Before each polarisation step, the state of the ensemble is reset to a fully-mixed state by repeated pumping from to and back, using resonant lasers from the MOT beams as described in Koschorreck et al.. During the reset process, about 10% of the atoms escape from the trap, allowing measurement with different during a single loading cycle.

Supp. Fig. 2: Shot noise limited detection. Detected variance in versus input photon number for short, intense pulses of the nonlinear probe. Points are measured variances, curve is a fit to , where is the electronic noise. Negligible technical noise is seen. The system is shot-noise limited above , i.e., for the full range used in the experiment.

a.3 Shot noise limited detection.

Before the ensemble, a beamsplitter and calibrated fast photodiode are used to detect the input pulse energy . After the ensemble, pulses are analyzed in the basis with an ultra-low-noise balanced photo-detector, giving a direct measure of . Both signals are recorded on a digital storage oscilloscope, and rotation angles calculated as where are the measured transmission coefficients for the system optics (vacuum cell, lenses and dichroic mirrors to separate the dipole trap beam). Supp. Fig. 2 shows the noise vs. power curve for generation and detection of nonlinear probe pulses, indicating an electronic noise contribution to of per pulse. This electronic noise is subtracted when calculating in Fig. 3 of the main text.

Supp. Fig. 3: System linearity. Sensitivity results obtained as in Fig. 3 of the main text, but with a waveplate rotation in place of the atomic Faraday rotation. As expected the sensitivity shows SQL scaling, providing a direct verification of the linearity of the equipment and method of analysis. Error bars plotted are the standard errors of the measured rotation signal.

a.4 System linearity.

To check for systematic errors, both in the apparatus and in the analysis, we repeat the experiment under identical conditions but with no atoms present. We mimic the Faraday rotation signal by rotating the wave-plate used to balance the polarimeter to give a signal equal to the largest signal seen with atoms. The measured rotation is independent of , and gives shot-noise scaling of the sensitivity, plotted in Supp. Fig. (3) over the range of used in the experiment.

a.5 Modelling.

We model the nonlinear rotation by integrating the Maxwell-Bloch equations in three spatial dimensions plus time . This semiclassical model describes the average rotation , which remains , while the quantum noise is given by .

In retarded coordinates and , the field envelope and atomic state obey the coupled equations

(S3)
(S4)

where is the differential operator of the paraxial wave equation (PWE), is the wave-number, is the Liouvillian describing relaxation and the polarization envelope is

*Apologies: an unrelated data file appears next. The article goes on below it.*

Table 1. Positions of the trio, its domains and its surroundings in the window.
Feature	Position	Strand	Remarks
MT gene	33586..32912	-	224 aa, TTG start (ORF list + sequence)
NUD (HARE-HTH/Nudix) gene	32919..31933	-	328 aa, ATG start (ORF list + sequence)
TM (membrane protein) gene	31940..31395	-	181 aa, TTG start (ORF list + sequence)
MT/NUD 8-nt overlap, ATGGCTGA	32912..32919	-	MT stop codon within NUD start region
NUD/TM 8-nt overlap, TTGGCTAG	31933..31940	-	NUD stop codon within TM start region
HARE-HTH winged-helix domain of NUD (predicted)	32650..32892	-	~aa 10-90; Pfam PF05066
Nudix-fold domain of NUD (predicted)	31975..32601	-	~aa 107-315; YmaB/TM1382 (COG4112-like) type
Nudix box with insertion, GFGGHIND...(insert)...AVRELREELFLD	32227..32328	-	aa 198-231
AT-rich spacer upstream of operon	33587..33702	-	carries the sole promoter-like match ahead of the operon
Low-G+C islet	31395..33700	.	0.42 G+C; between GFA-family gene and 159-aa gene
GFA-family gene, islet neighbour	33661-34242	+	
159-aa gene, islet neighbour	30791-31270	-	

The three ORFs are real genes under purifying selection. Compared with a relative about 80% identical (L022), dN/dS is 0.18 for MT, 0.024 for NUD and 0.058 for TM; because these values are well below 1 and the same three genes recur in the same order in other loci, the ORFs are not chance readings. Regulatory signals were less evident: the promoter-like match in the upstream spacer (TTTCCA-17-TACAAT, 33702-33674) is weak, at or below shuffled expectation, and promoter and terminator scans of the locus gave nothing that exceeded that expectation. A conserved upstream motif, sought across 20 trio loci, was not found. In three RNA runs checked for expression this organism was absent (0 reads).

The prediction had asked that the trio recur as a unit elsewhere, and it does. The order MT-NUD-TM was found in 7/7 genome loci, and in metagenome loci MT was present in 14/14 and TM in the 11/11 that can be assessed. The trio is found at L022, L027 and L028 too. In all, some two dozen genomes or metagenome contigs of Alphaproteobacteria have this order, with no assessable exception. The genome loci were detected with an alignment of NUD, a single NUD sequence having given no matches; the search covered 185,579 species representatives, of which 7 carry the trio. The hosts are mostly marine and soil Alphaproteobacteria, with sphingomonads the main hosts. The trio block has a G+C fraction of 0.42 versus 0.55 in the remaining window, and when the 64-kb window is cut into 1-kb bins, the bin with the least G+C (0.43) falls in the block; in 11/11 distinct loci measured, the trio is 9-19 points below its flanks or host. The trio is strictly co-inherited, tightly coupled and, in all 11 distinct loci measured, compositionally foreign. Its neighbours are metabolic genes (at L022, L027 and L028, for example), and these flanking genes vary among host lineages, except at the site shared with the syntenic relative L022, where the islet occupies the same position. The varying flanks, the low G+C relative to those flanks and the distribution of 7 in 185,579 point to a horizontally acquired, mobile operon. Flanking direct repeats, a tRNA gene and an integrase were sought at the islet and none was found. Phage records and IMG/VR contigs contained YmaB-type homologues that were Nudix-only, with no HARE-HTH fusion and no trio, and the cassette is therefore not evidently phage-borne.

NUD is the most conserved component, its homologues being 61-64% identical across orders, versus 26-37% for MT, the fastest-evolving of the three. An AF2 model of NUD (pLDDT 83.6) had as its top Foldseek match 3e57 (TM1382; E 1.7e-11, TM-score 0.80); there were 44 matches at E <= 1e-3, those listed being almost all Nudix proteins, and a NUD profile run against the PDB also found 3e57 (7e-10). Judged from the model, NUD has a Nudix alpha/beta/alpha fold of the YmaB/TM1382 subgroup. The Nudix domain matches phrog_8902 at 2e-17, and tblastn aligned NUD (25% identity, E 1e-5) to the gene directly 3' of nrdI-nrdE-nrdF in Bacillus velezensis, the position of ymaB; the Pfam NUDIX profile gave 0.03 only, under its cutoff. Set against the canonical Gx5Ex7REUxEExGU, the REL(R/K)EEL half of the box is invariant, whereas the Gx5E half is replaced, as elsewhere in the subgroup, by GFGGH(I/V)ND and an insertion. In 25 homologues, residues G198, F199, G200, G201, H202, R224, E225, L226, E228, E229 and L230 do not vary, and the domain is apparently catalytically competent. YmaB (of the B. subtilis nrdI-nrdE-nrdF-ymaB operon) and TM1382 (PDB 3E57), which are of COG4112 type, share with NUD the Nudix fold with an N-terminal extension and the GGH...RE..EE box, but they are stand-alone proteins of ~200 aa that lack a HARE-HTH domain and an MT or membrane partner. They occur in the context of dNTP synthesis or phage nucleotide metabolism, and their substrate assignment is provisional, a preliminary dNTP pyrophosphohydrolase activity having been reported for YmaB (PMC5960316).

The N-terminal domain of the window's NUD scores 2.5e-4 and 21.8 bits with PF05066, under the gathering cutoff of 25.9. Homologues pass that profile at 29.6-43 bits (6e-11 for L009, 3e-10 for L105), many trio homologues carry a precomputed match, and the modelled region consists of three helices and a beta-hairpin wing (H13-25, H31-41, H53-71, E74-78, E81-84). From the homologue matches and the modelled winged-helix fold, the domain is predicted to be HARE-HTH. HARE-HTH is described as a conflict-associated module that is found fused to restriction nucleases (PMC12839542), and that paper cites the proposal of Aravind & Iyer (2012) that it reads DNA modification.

(S5)

where is the local atomic number density and is the dipole operator describing downward transitions. For the atom distribution, we take a Gaussian with FWHM and in the transverse and longitudinal directions, respectively:

(S6)

where .

Supp. Fig. 4: Population dynamics under nonlinear probing. Results of simulations for a Gaussian pulse with a FWHM of 54ns, 5.7 million photons, a peak intensity of 4W/cm and 462MHz, with an initially-polarized density matrix. Blue dashed line, pulse intensity (normalized). Symbols show total population for groups of states: Green circles, state; red squares, and states (100 magnified); purple stars, excited states (5 magnified); turqouise diamonds, states (5 magnified).

We solve to first order in as follows. We identify a solution to the zero-atom equation as the input field . Specifically, we take where is the unit vector in the direction,

(S7)

is a Gaussian pulse with FWHM , and

(S8)

where , , and is the wave-front phase. This describes a Gaussian beam with effective area .

We find numerically the solution to Eq. (S4) with as the lowest-order atomic response . A representative case is shown in Supp. Fig. 4. The evolving atomic state generates the field

(S9)

where is the Green function for the PWE.

The detected signal is , where the spatial integral is taken over the surface of the detector and subscripts indicate polarization components. It can be shown, e.g., using Green function techniques, that

(S10)

and thus

(S11)

while .

Independently determined values for the model parameters and are used, leaving only as a free parameter, found by fitting to the data. We note that determines the vertical position of the curve in Figure 3, and has no effect on the sensitivity scaling. In this sense, the model confirms the scaling behaviour with no adjustable parameters.

Simulations indicate that loss of polarization in , and thus rotation signal, is mostly due to spontaneous decay into the F=2 ground level, as seen in Supp. Fig. 4.

a.6 Sensitivity in time- and number-limited scenarios

When time is limiting, the relevant sensitivity is , where as in Equation 1, and the measurement duration is or for the linear or nonlinear measurement, respectively. The sensitivity can be calculated from the measured values , and , using , and . We find , and . Given an equal number of photons , the nonlinear technique surpasses the linear at , well within the super-Heisenberg portion of the curve in Figure 3. In contrast, when time is not a limited resource, the sensitivity-per-measurement is , and . Extrapolating, the nonlinear technique would surpass the linear at , which is however outside the super-Heisenberg portion of the curve in Figure 3.

Supplementary Notes

  1. Windpassinger, P. J. et al. Ultra low-noise differential ac-coupled photodetector for sensitive pulse detection application. Meas. Sci. Technol. 20, 0055201 (2009)

  2. Mitchell, M. W. Parametric down-conversion from a wave-equation approach: Geometry and absolute brightness. Phys. Rev. A 79, 043835 (2009)